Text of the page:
Sowing Seeds or Plowing the Sea?

  • Posted on: 22 January 2006
  • By: Bryan Schaaf

seaIt would be naive of me to suggest that there is not growing frustration in the diverse community of individuals and groups that care about Haiti and are working with Haitians to build a better tomorrow. Security continues to erode and elections, merely the first step in establishing a participatory democracy, are delayed regularly. Is development possible without a transparent, accountable government that represents the long term needs of the people instead of the short term gain of politicians?

This is a political question but it is important to discuss. A friend and colleague of mine and I have been discussing this issue. In a recent conversation, he said, "The key issues are down and dirty political (both domestic and international), security, and corruption issues. Until these are effectively addressed, until the international community makes a realistic and sustained commitment to addressing these along with a core of the Haitian leadership from across interest groups, there will be no progress. All our humanitarian aid, good intentions, elections, etc., are...simply a plowing of the sea."

Corruption is rampant. However, all the more reason to support "positive deviants", organizations that are effective, transparent, and are making a difference in their communities. Politicians could learn a thing or two about leadership from these groups.

Insecurity is worse than we've ever seen it. 1100 kidnappings in ten months. Haiti will, sadly, probably find its way back into the next revision of "The World Most Dangerous Places". However, this is mainly in Port au Prince and the majority of Haitians do not live in Port au Prince. It is unfair to blame the rural Haitian for the sins of the city. Most of Haiti remains safe, calm, and much the same today as it is tomorrow.

The diverse groups interested in Haiti are fragmented along political lines. Cohesive strategies for change are not being delivered to policy-makers in compelling ways. The Diaspora is not as engaged as it could be which is not surprising, considering laws that prevent them from voting and fully participating in the political process. But there is much more they could be doing. We've been contacted by Haitians who know they want to make a difference, but do not know how. To them we say, find a successful organization that resonates with you, support it, talk about it, and be an ambassador for Haiti.

The common thread throughout Haiti's history is struggle. As long as our friends, family, and colleagues in Haiti continue to struggle for a better future, so will we. When they throw in the proverbial towel, then I will do the same. We're still in this fight.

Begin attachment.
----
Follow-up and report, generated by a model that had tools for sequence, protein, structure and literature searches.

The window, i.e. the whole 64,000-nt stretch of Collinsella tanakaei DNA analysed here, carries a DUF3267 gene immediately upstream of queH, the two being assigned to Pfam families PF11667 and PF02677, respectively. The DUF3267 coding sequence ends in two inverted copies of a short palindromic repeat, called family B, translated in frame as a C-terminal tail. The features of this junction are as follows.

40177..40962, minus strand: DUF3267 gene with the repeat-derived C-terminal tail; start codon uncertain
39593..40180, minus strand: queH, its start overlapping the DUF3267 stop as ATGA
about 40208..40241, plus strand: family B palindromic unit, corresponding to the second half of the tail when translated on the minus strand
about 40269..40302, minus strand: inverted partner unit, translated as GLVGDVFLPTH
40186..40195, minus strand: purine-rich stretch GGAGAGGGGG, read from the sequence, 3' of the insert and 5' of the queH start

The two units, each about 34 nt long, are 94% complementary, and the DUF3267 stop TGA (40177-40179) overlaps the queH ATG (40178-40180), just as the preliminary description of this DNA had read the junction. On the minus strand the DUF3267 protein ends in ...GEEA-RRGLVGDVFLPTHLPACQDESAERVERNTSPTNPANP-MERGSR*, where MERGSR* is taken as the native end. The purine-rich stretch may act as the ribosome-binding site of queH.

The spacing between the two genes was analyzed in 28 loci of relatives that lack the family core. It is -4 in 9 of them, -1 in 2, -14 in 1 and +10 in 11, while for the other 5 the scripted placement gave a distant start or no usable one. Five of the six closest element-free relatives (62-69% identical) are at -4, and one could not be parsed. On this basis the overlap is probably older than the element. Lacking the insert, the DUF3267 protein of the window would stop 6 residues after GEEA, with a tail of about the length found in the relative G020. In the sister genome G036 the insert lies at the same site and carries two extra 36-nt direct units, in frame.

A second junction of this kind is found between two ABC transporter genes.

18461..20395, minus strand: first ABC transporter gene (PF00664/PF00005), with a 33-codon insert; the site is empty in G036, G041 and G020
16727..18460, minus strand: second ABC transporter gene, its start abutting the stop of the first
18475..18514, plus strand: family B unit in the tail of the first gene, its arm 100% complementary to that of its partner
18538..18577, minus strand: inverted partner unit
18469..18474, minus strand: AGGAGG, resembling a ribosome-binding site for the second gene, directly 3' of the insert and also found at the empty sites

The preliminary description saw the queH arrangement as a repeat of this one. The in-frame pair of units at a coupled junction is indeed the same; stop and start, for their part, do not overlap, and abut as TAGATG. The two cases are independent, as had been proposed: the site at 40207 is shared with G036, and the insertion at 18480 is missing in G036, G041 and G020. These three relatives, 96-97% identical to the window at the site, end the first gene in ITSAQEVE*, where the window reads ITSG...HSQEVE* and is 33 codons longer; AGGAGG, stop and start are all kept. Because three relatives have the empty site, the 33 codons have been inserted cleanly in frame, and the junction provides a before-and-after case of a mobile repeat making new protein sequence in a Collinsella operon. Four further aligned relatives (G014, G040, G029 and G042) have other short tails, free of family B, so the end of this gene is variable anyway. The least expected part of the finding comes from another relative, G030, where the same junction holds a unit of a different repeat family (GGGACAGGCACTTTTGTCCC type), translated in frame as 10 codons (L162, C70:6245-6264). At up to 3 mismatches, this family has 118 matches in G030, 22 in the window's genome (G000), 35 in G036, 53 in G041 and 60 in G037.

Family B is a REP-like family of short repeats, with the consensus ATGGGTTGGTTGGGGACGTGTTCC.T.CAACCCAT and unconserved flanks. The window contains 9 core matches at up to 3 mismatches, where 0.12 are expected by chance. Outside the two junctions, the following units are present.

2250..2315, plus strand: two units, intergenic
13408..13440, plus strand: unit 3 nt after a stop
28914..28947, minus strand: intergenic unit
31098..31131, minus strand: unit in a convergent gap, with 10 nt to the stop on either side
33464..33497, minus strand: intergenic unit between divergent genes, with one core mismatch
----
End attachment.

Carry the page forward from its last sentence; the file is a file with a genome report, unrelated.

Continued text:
I agree with my friend that sustained commitment of the international community is needed. But if history is any guide, the UN will leave when it is expedient to do so. There will be coups in other countries, natural disasters that divert resources, and a bevy of other factors that will tempt the international community to focus elsewhere. We should not be complaining about the disorganization of the country if we cannot organize ourselves. Perhaps it is time for the non-governmental organizations to form pragmatic partnerships to reach key players in the U.S. Government and the International Community. Politics aside, we should be able to unite behind an interest in continued engagement.

My friend, myself, Peace Corps Volunteers, the organizations we work with, have made a conscious decision to work where we feel we are needed most. If we all decided to work where we could be most effective, you would most likely be viewing a website called Costa Rica Innovation right now. But here you are, reading this blog, staying involved.

When living in Haiti, when I was down, there was always someone there for me. I could do a little bit to help the community when I was there, but now that I am back here, I can do more. And together we could do yet more. We can get funding to our partners, keep constructive pressure on key stakeholders (and please thank them when they do!), and keep a dialogue going.

Frustration is normal. We all feel it sometimes. And none of us will change the big picture by ourselves. However, we can help to change communities for the better. Let's focus on that, then.....planting seeds for change that will [grow] some fruit now, and perhaps even more when the right variables fall into place.

Hang in there everyone. Kenbe pa lage.


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